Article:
- Typical Long Term Care Laundry Room Equipment: Depending on the size of the facility, washers range from 55 to 135 pounds, with residential washers and dryers dispersed throughout the Assisted Living facility for personal care laundry, or in the same room as the OPL.
- Assisted Living Linens and Supply: Many Assisted Living Facilities have the residents supply their own towels and sheets, but launder them for them. Others supply them for the residents.
- Nursing Homes Linens and Supply: Skilled nursing facilities supply all the linens for residents.
- Personal Care Laundry: 95% of facilities interviewed provide personal care laundry service, and 85% offer the option for residents to have their personal care laundry done for them, or to do it themselves. Residents may want to do personal care laundry as a form of exercise or an activity. Many facilities provide residential size washers and dryers on different floors for personal care laundry. Some launder the personal care laundry in the same room as the institutional linen. Some do not provide chemicals to the residents.
- Issues Impact on OPLs: Cost and personnel are the most mentioned issues that may impact laundry in the future for Long Term Care facilities. As reimbursement issues have an impact on the industry overall, facilities will have to be very cost effective. However, several respondents mentioned that their corporate department did an outsourcing study for laundry, and concluded that it was better to keep laundry in-house.
- Trends and Drivers of Hospital OPLs and Hospital Co-Ops:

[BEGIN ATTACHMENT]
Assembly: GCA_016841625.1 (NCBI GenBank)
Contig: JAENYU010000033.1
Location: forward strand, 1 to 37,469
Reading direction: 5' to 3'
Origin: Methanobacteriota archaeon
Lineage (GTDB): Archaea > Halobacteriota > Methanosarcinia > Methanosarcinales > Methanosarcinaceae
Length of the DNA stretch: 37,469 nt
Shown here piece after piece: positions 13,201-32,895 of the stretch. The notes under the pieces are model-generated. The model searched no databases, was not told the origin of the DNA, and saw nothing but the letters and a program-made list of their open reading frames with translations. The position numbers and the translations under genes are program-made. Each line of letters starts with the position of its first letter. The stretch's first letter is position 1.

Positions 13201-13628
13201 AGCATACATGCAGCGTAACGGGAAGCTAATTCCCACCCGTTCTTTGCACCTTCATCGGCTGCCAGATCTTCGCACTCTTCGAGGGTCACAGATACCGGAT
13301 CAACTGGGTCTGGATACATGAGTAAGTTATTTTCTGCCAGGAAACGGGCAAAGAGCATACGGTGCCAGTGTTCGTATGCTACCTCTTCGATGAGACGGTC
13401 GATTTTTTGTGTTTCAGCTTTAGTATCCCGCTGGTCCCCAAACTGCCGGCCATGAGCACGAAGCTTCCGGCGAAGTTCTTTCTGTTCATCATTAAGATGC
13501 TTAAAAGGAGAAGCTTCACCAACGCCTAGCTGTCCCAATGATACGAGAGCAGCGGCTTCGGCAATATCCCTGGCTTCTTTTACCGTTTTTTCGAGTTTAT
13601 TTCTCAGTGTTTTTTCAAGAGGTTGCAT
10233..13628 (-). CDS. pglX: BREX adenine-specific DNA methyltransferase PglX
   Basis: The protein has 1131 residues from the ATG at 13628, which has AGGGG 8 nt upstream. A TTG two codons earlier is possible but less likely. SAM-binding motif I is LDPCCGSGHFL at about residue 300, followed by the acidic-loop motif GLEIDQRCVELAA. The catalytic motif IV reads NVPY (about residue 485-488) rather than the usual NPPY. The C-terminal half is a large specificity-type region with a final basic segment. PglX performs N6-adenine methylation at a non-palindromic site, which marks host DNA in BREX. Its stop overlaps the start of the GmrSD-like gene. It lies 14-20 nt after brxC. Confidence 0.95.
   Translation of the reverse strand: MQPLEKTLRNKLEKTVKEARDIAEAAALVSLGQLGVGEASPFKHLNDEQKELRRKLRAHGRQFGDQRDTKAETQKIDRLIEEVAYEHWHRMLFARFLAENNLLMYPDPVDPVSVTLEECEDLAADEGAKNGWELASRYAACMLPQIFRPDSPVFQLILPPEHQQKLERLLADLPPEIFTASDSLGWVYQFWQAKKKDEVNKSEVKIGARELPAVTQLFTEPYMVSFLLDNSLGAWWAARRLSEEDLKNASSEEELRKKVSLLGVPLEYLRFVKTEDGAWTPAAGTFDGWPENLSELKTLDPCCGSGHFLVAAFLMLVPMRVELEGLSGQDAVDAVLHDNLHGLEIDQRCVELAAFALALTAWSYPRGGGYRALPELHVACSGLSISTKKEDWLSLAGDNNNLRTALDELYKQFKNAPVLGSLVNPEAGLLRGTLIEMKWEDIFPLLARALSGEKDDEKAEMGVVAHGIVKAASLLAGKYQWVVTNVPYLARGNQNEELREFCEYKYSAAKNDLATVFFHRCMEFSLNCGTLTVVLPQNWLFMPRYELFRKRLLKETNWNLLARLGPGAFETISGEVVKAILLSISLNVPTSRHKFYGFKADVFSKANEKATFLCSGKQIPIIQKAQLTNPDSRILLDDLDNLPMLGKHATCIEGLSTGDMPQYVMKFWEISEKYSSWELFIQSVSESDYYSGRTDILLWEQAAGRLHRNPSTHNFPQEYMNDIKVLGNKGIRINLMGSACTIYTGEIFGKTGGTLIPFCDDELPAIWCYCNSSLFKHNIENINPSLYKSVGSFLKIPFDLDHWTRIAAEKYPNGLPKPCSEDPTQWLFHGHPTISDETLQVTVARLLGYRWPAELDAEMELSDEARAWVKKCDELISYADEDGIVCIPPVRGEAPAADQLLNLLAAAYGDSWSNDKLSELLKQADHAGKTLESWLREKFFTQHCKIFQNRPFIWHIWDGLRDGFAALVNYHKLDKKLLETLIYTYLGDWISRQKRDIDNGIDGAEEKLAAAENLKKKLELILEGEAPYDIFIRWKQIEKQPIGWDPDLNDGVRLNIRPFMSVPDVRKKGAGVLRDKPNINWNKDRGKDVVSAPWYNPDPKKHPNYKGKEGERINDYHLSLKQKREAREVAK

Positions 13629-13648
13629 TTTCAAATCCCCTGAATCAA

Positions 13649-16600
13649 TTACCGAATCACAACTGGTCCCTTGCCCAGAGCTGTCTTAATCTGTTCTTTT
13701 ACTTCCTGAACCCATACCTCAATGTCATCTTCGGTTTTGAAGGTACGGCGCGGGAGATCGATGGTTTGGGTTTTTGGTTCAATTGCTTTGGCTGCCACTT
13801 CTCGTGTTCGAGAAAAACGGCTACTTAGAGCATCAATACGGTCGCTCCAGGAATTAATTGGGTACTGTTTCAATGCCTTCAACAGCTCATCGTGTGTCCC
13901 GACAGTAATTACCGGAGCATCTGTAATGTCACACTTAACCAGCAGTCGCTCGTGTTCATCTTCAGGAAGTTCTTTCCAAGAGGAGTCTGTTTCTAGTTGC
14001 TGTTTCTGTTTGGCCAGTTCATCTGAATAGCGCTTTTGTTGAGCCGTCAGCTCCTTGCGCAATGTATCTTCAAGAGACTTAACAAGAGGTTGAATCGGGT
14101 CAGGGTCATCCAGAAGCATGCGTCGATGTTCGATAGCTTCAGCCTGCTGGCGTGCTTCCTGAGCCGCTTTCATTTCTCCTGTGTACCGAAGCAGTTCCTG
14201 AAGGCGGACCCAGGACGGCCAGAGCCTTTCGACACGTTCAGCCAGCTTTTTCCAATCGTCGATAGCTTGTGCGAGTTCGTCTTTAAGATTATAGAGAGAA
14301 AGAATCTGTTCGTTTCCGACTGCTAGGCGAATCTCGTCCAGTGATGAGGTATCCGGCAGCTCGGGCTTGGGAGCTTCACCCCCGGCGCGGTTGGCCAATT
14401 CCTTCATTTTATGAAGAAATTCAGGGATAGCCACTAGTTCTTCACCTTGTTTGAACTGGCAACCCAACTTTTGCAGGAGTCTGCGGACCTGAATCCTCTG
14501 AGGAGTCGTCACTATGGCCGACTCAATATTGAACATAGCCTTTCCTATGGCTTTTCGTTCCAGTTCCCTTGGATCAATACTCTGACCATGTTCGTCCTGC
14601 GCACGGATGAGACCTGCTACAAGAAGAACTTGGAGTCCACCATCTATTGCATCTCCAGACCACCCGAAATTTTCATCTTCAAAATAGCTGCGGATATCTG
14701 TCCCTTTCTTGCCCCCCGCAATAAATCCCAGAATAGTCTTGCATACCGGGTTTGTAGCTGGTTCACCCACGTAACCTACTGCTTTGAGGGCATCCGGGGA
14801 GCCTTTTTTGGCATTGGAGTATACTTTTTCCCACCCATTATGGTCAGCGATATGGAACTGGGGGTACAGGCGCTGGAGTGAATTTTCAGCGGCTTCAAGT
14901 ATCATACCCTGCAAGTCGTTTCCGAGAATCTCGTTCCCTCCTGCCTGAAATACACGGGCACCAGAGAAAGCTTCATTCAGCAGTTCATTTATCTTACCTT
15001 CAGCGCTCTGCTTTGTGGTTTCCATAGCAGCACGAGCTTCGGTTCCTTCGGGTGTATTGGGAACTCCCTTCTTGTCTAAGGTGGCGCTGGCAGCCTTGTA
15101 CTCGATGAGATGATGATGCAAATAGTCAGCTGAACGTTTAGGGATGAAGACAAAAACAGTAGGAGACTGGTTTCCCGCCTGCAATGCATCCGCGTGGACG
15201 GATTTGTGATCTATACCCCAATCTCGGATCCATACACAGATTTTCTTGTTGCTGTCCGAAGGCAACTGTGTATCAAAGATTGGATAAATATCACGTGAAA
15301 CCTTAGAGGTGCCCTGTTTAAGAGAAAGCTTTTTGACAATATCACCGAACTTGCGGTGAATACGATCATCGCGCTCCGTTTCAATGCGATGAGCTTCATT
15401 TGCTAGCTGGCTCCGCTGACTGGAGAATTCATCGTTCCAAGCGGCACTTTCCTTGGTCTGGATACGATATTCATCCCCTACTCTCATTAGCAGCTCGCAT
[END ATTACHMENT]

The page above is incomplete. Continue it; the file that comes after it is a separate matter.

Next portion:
- OPL Defined: Many hospital OPLs do laundry for more than one hospital within the same parent ownership. These OPLs are called shared facilities. Throughout this report “OPL” will mean OPL and/or shared facility.
- Hospital Co-OP Defined: Hospital co-ops are laundries owned by several different hospitals, usually not-for-profit, and often run by outside management that specializes in healthcare laundry.
Consolidation/Outsourcing: Many hospitals have discontinued their OPLs due to space limitations, cost-effectiveness, not wanting to spend capital expenditure funds, capacity limitations, lack of labor expertise, and wanting to focus on core issues. Approximately 18% of hospitals have OPLs and another 9% have their laundry done by an OPL of the same parent owner. Respondents agree that the overall number of OPLs is declining. About 33% of hospitals use a co-op laundry (as an owner, or non-owner customer). 19% of hospitals use textile rental companies. Approximately 21% use a commercial laundry.
- Regulations: Hospital and Co-op respondents say that they already follow standards when processing healthcare laundry. The majority of them have not had to significantly change their laundry practices or increase their chemical use in order to comply with OSHA regulations regarding blood-borne pathogens, JCAHO (Joint Commission on Accreditation of Healthcare Organizations) standards, and state regulations. No respondent mentions having a violation of regulations. If they did have a violation, many would solve the problem themselves, and some might confer with their chemical company.